Storm Water Management

All the water from rain and snow that falls in Hopkins and is not absorbed or evaporated runs into the City's storm sewer system, entering through storm drains found in streets and gutters.

Storm sewer pipes then carry this clear water (not waste water, which goes through the sanitary sewer system) to streams, ponds, or other water bodies.

Storm Water Grants

Storm water grants are available to some, find more information about these grants.

Where Your Water Goes

Hopkins is divided by two watersheds-the Nine Mile Creek Watershed and Minnehaha Creek Watershed. The northern and eastern portions of the city drain to Minnehaha Creek, and the southern and central portions of the city drain to Nine Mile Creek. The city has been delineated into about 60 subwatersheds.

Blue Star Award

In 2010, Hopkins was one of four cities in Minnesota to be awarded a Blue Star Award, given to communities that are taking a leadership role in protecting Minnesota's water resources and public health through excellence in stormwater management.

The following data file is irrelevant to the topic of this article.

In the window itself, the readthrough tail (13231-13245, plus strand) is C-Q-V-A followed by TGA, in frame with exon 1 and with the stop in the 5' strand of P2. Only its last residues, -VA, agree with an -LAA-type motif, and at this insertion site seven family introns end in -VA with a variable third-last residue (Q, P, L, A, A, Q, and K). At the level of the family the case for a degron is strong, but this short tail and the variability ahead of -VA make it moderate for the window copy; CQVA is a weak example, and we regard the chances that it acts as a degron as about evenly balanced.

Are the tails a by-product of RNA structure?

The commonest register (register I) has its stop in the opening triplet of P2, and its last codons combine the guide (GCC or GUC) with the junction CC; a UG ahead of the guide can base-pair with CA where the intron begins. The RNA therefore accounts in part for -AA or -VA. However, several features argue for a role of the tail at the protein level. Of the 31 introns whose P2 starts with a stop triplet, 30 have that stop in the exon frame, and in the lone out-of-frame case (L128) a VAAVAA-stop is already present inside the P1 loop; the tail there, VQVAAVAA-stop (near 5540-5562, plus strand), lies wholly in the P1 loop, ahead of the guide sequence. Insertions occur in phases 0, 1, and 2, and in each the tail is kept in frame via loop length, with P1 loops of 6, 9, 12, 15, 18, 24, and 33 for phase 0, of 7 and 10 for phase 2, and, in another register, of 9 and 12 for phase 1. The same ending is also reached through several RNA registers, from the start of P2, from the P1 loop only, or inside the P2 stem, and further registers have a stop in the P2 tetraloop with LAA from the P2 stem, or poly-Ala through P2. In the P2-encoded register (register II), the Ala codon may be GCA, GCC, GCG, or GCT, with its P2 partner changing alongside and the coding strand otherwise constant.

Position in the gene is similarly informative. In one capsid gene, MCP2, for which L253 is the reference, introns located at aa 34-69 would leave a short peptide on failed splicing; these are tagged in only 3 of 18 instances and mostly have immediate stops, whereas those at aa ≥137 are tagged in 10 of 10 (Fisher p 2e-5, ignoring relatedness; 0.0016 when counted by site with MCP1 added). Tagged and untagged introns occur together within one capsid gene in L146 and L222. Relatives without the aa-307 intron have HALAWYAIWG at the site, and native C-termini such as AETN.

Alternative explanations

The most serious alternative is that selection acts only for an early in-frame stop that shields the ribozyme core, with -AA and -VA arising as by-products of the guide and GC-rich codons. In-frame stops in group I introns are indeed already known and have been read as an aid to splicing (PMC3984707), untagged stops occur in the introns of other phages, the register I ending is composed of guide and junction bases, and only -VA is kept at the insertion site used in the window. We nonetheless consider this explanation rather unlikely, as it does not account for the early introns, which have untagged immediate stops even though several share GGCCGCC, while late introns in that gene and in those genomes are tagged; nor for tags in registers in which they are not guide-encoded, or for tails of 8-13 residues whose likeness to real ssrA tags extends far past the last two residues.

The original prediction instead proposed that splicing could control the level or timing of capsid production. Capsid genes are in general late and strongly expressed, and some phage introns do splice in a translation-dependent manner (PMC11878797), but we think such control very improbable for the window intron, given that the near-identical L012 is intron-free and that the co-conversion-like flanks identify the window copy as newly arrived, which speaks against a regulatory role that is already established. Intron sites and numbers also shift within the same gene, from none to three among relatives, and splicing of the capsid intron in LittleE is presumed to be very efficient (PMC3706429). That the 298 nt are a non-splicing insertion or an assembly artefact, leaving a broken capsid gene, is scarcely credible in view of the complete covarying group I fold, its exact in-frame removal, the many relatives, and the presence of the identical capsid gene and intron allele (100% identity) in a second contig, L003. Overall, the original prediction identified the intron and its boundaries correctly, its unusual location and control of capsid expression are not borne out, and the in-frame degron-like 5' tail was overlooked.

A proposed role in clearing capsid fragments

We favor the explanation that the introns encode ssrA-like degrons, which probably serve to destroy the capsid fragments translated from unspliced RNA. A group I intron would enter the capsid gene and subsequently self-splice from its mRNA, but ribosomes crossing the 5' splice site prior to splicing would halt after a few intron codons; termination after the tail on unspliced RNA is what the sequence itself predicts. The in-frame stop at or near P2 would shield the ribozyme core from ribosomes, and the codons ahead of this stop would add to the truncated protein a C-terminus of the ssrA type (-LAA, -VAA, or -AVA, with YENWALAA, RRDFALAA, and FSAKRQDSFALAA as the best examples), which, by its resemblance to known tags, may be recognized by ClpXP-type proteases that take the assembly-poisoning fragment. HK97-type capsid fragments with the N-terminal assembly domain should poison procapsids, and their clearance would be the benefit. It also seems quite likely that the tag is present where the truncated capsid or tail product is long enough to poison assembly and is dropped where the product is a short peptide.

How It Gets Polluted

As the water moves to the drains, it picks up sediment and pollutants from yards, streets, parking lots, roofs, etc., and carries them through the storm sewer system into creeks, ponds, and other water bodies. This can include soil, leaves, grass clippings, pet waste, oil, fertilizers, pesticides, herbicides, and litter, all which can have a damaging effect on the natural body of water they end up in.

What The City Does

  • Complies with NPDES regulations (National Pollutant Discharge Elimination System)
  • Maintains storm water ponds, which help filter sediment and pollutants before the water reaches natural waterways.
  • Sweeps streets, to keep sediment from washing into the storm water system.

What You Can Do